Diffraction


Another key idea behind agential realism is Barad's emphasis on a transformative and transgressive diffraction, not just reproducing reflection:

"In this regard, it is important not to confuse the fact that I am drawing on an optical phenomenon for my inspiration in developing certain aspects of my methodological approach ... with the nature of the method itself. In particular, calling a method 'diffractive' in analogy with the physical phenomenon of diffraction does not imply that the method itself is analogical. On the contrary, my aim is to disrupt the widespread reliance on an existing optical metaphor - namely, reflection - that is set up to look for homologies and analogies between separate entities. By contrast, diffraction, as I argue, does not concern homologies but attends to specific material entanglements." (87)

Again, Barad's posthumanist expansion of performativity to include nonhumans comes into play:

"I propose a posthumanist performative approach to understanding technoscientific and other naturalcultural practices that specifically acknowledges and takes account of matter’s dynamism. The move toward performative alternatives to representationalism shifts the focus from questions of correspondence between descriptions and reality to matters of practices, doings, and actions." (135)

Barad clarifies that her posthumanism is not celebrating "after humans", but more challenging the prima facie segregation and privileging of humans over and from other beings:

"Posthumanism, as I intend it here, is not calibrated to the human; on the contrary, it is about taking issue with human exceptionalism while being accountable for the role we play in the differential constitution and differential positioning of the human among other creatures (both living and nonliving)" (136)

Hearkening back to her physics roots, Barad compares the conceptual diffraction to optical diffraction versus reflection, explaining that diffraction allows for more insight because it transforms (conceptual) images:

"Such an approach also brings to the forefront important questions of ontology, materiality, and agency, which social constructivist and traditional realist approaches get caught up in the geometrical optics of reflection where, much like the infinite play of images between two facing mirrors, the epistemological gets bounced back and forth, but nothing more is seen.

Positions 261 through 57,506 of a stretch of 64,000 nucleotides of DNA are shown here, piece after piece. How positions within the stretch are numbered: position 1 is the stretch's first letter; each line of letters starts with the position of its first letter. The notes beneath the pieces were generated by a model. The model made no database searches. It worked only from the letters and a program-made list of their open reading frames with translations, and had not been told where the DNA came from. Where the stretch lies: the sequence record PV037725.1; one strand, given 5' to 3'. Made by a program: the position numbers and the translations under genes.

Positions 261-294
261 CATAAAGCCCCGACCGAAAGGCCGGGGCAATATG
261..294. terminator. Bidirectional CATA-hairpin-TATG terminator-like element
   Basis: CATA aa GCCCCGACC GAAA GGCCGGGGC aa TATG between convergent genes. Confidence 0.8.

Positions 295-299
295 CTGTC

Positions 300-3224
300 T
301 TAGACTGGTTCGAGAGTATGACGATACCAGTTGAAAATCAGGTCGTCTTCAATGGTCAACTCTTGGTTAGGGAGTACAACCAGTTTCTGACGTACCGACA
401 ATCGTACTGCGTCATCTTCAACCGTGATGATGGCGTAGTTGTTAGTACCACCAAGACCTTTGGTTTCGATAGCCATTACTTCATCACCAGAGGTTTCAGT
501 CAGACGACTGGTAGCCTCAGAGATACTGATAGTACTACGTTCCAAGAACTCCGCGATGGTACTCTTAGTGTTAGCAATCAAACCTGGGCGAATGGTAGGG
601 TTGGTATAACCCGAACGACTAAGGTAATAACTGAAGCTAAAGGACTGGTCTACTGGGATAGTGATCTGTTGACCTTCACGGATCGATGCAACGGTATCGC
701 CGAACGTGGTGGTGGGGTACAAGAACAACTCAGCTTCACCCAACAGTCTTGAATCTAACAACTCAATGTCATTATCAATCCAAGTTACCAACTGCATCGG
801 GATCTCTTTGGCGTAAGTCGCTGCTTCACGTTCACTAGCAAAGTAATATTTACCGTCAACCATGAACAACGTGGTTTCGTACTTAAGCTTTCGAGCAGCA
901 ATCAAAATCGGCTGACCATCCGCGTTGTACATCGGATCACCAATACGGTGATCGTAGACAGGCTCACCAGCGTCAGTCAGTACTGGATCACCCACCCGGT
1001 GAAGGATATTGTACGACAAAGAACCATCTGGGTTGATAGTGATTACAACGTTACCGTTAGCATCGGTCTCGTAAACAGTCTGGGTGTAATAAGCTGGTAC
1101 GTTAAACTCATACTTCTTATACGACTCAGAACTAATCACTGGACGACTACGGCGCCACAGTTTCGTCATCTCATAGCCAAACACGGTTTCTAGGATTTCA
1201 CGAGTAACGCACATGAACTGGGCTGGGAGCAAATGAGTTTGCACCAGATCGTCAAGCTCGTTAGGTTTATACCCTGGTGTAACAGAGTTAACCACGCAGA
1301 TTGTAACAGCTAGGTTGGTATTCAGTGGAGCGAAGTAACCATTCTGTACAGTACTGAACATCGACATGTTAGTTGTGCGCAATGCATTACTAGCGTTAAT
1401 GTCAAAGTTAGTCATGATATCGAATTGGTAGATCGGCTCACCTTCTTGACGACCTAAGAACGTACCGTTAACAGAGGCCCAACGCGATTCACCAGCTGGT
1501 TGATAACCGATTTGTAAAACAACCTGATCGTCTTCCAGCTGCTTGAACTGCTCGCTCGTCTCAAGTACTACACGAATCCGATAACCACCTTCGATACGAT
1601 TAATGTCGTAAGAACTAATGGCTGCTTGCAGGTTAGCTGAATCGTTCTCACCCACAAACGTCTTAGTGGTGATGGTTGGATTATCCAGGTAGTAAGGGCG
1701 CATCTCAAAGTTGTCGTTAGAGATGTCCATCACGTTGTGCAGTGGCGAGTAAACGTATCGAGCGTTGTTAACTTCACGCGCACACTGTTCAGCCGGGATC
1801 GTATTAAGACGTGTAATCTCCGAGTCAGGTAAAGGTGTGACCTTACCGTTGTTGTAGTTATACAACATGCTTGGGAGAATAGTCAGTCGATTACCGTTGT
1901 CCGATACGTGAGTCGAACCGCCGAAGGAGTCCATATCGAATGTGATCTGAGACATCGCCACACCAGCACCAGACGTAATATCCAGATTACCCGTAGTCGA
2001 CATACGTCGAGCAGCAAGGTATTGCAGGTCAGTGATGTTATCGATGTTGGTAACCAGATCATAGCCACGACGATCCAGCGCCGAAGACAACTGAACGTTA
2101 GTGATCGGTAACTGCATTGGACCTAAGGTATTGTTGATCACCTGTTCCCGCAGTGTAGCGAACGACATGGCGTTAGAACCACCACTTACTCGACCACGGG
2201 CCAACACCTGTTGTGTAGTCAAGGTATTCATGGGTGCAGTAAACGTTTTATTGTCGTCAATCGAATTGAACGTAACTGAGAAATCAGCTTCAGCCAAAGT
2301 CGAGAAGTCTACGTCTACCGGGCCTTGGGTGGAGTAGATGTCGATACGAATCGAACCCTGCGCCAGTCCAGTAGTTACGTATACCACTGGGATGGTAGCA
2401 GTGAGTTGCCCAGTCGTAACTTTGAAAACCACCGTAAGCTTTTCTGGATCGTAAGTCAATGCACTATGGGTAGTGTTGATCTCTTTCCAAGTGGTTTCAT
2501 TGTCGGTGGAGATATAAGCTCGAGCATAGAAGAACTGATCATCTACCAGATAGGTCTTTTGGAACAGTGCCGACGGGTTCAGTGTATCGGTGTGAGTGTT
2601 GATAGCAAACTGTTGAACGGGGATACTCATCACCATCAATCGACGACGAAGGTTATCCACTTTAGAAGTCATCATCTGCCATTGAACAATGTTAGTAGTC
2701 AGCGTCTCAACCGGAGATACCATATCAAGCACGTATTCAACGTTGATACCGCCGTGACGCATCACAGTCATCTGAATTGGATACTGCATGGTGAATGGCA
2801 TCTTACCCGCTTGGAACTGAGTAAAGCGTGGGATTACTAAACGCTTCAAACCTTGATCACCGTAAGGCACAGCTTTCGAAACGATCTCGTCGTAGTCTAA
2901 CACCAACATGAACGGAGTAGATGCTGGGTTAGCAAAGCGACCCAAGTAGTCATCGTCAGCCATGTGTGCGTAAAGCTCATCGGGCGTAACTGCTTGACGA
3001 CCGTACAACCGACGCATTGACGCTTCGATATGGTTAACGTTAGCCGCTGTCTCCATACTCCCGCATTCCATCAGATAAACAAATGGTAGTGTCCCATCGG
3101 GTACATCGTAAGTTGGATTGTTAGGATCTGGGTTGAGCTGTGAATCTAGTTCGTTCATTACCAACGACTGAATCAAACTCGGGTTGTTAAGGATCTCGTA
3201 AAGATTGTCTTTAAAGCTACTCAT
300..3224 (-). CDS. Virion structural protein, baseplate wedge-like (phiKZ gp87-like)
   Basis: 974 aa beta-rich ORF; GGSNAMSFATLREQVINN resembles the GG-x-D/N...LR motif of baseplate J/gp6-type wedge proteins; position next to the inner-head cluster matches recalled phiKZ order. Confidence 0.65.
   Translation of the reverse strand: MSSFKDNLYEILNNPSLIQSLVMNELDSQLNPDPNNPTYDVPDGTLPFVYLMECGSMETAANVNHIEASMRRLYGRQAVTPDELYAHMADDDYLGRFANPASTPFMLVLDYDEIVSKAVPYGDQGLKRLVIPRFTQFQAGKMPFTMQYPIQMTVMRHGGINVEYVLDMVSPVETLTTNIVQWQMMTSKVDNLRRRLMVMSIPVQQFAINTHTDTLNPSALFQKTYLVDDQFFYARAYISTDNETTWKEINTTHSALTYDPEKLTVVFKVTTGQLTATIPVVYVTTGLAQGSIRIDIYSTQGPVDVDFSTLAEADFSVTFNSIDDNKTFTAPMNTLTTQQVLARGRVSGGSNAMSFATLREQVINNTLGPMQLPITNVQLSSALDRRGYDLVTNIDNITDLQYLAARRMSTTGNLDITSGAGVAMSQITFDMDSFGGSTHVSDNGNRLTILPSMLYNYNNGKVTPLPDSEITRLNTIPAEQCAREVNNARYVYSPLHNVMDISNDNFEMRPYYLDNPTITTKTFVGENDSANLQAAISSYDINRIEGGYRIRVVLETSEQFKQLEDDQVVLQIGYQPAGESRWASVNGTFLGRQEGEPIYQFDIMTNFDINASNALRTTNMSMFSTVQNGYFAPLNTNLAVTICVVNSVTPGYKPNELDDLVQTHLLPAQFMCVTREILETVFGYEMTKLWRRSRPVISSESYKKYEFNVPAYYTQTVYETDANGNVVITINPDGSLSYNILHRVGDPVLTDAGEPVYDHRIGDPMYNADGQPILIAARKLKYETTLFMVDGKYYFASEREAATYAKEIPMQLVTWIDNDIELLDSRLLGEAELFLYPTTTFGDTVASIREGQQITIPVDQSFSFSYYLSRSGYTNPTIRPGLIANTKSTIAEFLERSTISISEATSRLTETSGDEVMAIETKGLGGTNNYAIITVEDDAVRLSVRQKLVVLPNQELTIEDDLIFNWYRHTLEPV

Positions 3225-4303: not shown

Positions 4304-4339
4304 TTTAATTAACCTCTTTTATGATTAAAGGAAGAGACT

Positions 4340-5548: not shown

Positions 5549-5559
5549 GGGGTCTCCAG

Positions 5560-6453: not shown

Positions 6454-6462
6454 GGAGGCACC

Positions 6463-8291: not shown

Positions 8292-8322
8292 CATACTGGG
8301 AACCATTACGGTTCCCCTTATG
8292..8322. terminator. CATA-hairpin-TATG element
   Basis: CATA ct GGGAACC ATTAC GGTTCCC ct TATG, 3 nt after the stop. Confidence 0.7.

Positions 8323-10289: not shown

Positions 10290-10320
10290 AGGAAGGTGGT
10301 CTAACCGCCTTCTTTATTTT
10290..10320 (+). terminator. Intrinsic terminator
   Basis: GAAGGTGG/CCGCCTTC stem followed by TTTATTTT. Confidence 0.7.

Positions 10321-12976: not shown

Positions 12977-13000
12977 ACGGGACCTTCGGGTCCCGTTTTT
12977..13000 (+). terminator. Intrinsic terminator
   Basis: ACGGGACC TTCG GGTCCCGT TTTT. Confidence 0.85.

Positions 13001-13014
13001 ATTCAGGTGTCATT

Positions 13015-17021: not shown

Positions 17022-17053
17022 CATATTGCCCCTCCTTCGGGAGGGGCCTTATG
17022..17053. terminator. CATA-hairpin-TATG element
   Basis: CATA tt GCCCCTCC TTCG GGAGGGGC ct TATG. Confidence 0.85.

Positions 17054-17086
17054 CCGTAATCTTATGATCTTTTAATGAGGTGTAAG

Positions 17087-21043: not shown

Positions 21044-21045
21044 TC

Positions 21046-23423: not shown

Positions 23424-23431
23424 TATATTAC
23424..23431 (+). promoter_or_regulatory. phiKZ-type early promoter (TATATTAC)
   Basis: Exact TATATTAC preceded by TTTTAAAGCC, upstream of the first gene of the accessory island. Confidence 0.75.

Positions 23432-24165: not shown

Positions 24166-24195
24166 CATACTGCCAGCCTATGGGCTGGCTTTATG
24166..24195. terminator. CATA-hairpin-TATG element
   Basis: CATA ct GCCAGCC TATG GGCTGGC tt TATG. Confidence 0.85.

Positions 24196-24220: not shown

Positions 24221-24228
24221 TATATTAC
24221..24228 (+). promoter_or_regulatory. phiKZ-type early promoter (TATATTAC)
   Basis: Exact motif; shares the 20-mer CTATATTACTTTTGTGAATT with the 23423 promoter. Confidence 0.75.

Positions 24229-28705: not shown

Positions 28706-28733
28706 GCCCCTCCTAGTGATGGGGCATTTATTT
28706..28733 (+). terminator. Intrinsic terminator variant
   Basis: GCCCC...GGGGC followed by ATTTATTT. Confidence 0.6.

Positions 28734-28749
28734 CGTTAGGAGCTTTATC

Moving away from the representationalist trap of geometrical optics, I shift the focus to physical optics, to questions of diffraction rather than reflection. Diffractively reading the insights of poststructuralist theory, science studies, and physics through one another entails thinking the cultural and the natural together in illuminating ways." (135)

This diffraction challenges the singularity and solidity of boundaries, making what was sharply delineated a zone of fuzzy regions that have questionable divisions held in place by iterative performativity:

"What often appears as separate entities (and separate sets of concerns) with sharp edges does not actually entail a relation of absolute exteriority at all. Like the diffraction patters illuminating the indefinite nature of boundaries – displaying shadows in “light” regions and bright spots in “dark” regions – the relationship of the cultural and the natural is a relation of “exteriority within.” This is not a static relationality but a doing – the enactment of boundaries – that always entails constitutive exclusions and therefore requisite questions of accountability." (135)

Comparison to Feminist Epistemological Theories


Barad's position is contrasted with Standpoint Theory and Situated Knowledges because the goal is "not simply to put the observer or knower back in the world (as if the world were a container and we needed to merely to acknowledge our situatedness in it) but to understand and take account of the fact that we too are part of the world's differential becoming" (91). It is also emphasized that agential realism is not just an epistemological theory, but an ontological one, as it emphasizes "not merely that knowledge practices have material consequences but that practices of knowing are specific material engagements that participate in (re)configuring the world" (91). These practices of making knowledge are about making "specific worldly configurations" that engage with the world by giving "specific material form."



References
Barad, Karen. Meeting the Universe Halfway: Quantum Physics and the Entanglement of Matter and Meaning. Durham: Duke University Press, 2007.
Barad, Karen. “Getting Real: Technoscientific Practices and the Materialization of Reality” Differences, 1998: 10(2), 87-128.

Further reading: